Singalong with Will

Beach party: Beatles meet Bard -- nothing's quite Like It

Jacques sucks melancholy from a song as a weasel sucks eggs. Photo: Tim Matheson

As a leading show biz entrepreneur of his age, Shakespeare aimed to please. It shows in his ribald clown scenes, his fawning prologues and epilogues. Perhaps nowhere is it stated more bluntly than in the title of As You Like It, 2018’s headline mainstage offering at Bard on the Beach (BotB).

Ironic, then, that recent generations (including plenty of us Boomers) grew up choking down their Shakespeare like medicine in our school says. No wonder Festivals like BotB feel the need to tart up his plays with add-on fripperies like song-and-dance extravaganzas, anachronistic period décor, off-label casting and catchy meta-stories.

Purists may balk, but at least these pop versions keep the canon alive and cross-subsidize more classically “worthy” productions like this year’s BotB Macbeth. It can be overdone, though. Per its advance PR descriptions, the latest As You Like It sounded well over the top:

Action transplanted from medieval Ardennes, France, to 1960’s Vancouver and its Okanagan exurbs. Script drastically trimmed to make room for some 25 fully choreographed Beatles songs. Add an onstage drum-and-guitar combo, a flower-emblazoned VW van, plus a few wholly irrelevant and preposterously hokey WWF-style wrestling charades. What could go wrong?

Strange to tell, though, the whole nauseating-sounding melange melds beautifully. Confecting his recipe, director Daryl Cloran deftly factors in a few choice ingredients that are ready to hand. First, there’s a deep pan-Canada pool of polymath performing talent, with actors as adept at crooning and jitterbugging as they are at parsing 16th century English.

Then, too, the texts and the transposed locales are familiar enough to put the whole house at ease. The Fab Four retain a cross-generational appeal that ensures the singability and clappability of their opus to spectators of all ages.

And, more than almost any other Shakespeare play, As You Like It is studded with recognizable phrases (“too much of a good thing,” “all the world’s a stage,” “forever and a day,” “a fool! A motley fool!” & cie. & cie.). These have become everyday, unthreatening clichés, despite their 400-year-old provenance.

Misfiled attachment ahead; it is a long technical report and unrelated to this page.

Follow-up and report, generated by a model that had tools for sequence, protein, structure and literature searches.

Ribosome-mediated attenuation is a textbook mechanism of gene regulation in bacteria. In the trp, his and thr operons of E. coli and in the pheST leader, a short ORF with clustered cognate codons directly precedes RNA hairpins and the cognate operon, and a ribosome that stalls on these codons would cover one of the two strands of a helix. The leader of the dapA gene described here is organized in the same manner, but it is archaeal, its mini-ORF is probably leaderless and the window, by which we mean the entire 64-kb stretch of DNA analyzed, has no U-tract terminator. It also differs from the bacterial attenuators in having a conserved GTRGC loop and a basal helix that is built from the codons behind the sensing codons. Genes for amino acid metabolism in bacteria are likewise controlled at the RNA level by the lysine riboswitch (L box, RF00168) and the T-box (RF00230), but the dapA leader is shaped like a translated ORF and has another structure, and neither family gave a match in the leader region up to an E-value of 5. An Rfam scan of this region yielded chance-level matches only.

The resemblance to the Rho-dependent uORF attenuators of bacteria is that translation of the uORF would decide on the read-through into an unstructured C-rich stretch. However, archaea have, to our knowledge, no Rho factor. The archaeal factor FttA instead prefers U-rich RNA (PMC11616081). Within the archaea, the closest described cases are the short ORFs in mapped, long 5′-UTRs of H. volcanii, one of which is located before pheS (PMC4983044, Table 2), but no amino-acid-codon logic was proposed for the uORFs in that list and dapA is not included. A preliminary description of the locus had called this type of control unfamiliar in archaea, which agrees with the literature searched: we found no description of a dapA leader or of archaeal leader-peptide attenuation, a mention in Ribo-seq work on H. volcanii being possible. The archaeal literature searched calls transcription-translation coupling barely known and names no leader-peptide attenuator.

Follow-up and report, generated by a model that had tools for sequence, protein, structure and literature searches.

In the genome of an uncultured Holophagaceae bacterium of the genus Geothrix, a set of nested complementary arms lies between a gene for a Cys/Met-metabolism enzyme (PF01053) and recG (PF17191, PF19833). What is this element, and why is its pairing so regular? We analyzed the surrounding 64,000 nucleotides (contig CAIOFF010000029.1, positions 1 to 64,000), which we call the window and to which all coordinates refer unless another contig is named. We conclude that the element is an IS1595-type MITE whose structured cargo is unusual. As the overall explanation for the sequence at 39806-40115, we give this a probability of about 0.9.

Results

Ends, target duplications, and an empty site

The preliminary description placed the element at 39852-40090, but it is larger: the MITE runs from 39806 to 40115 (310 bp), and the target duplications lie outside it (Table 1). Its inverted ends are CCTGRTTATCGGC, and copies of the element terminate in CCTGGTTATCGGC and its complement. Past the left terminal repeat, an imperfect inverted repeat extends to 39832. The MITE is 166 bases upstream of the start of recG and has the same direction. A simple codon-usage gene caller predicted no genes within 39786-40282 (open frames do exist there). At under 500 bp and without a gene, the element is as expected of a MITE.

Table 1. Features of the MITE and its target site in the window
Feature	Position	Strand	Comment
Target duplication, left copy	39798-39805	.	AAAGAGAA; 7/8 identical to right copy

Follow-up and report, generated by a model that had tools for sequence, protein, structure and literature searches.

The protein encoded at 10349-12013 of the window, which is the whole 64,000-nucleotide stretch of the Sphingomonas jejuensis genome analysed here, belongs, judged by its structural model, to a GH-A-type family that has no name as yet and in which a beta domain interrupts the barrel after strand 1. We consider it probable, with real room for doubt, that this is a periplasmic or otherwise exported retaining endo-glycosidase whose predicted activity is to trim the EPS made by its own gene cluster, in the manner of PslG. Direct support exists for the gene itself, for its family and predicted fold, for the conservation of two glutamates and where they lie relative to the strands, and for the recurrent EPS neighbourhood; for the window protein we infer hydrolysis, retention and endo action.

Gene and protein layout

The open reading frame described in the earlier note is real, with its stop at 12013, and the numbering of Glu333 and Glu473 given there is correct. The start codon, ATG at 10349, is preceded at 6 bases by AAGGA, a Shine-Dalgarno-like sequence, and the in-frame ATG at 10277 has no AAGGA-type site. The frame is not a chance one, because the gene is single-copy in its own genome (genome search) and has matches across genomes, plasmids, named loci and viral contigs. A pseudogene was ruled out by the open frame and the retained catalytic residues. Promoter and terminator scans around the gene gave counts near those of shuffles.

But Cloran’s subtlest advantage may be the utter silliness of both the Beatles’ lyrics and Shakespeare’s As You Like It plot. Neither one makes much sense on its own. Each requires a giddy suspension of linear logic. Which ideally suits these two elements to refract each other in some kind of heuristic emotional continuity.

The juxtapositions can be pretty heady, or wildly funny. Who but the gloomy hermit-philosopher Jacques (Ben Carlson) would think to tunelessly recite the gibberish of “I Am the Walrus” as a sort of beatnik poetry? It takes a strapping hayseed like Audrey (Emma Slipp) to slings mincing court jester Touchstone (Kayvon Khoshkam) into a tap-dance duet to the tune of “When I’m 64.”

And no sooner do star-cros’t lovers Rosalind (Lindsey Angell) and Orlando (Nadeem Phillip) lock eyes then they forego their blank verse pentameters to bray out “I Wanna Hold Your Haaaaand!”

Other standout performers: Scott Bellis in his dual role as a pair of estranged brothers vying over a Vancouver dukedom. One is a pinstriped Mafioso usurper; the other a bead- bedecked flowerchild brother, a kind of cross between Ekhart Tolle and Tiny Tim, who dwells in Okanagan exile.

Harveen Sandhu shines as Angell’s loyal sidekick, dancing up a storm and eye-rolling at each new japery of her lovesick coz, at least until she finds herself smitten in her own turn by Orlando’s brother (Craig Erikson).

Luisa Jojic, as Phoebe, bitch-slaps her goofy swain (Ben Elliott) while mooning fruitlessly after young Ganymede, Rosalind’s cross-dressed alterego. All the more impressive that Elliott can take so much slapstick abuse while simultaneously manning guitar and keyboard as the mainstay of the onstage combo in his parallel role as the show’s all-important sound designer/musical director.

Costume designer Carmen Alatorre must have had a lot of fun with period chic. Vancouver characters, male and female alike, all sport trim, elongated fashions, for a slimline, swizzle-stick profile. The Okanagan set is on the whole shaggier, with Dayglo colours and psychedelic moiré patterns as mismatched as possible. Pure eye-candy.

Not exactly Bardic high art, but engagingly energetic. Pretty much anyone’s sure to find something in there that’s As You Like It on one level or another. Altogether (as Celia says early in Act II) “Wonderful, wonderful! … out of all whooping!” 

 

  

 

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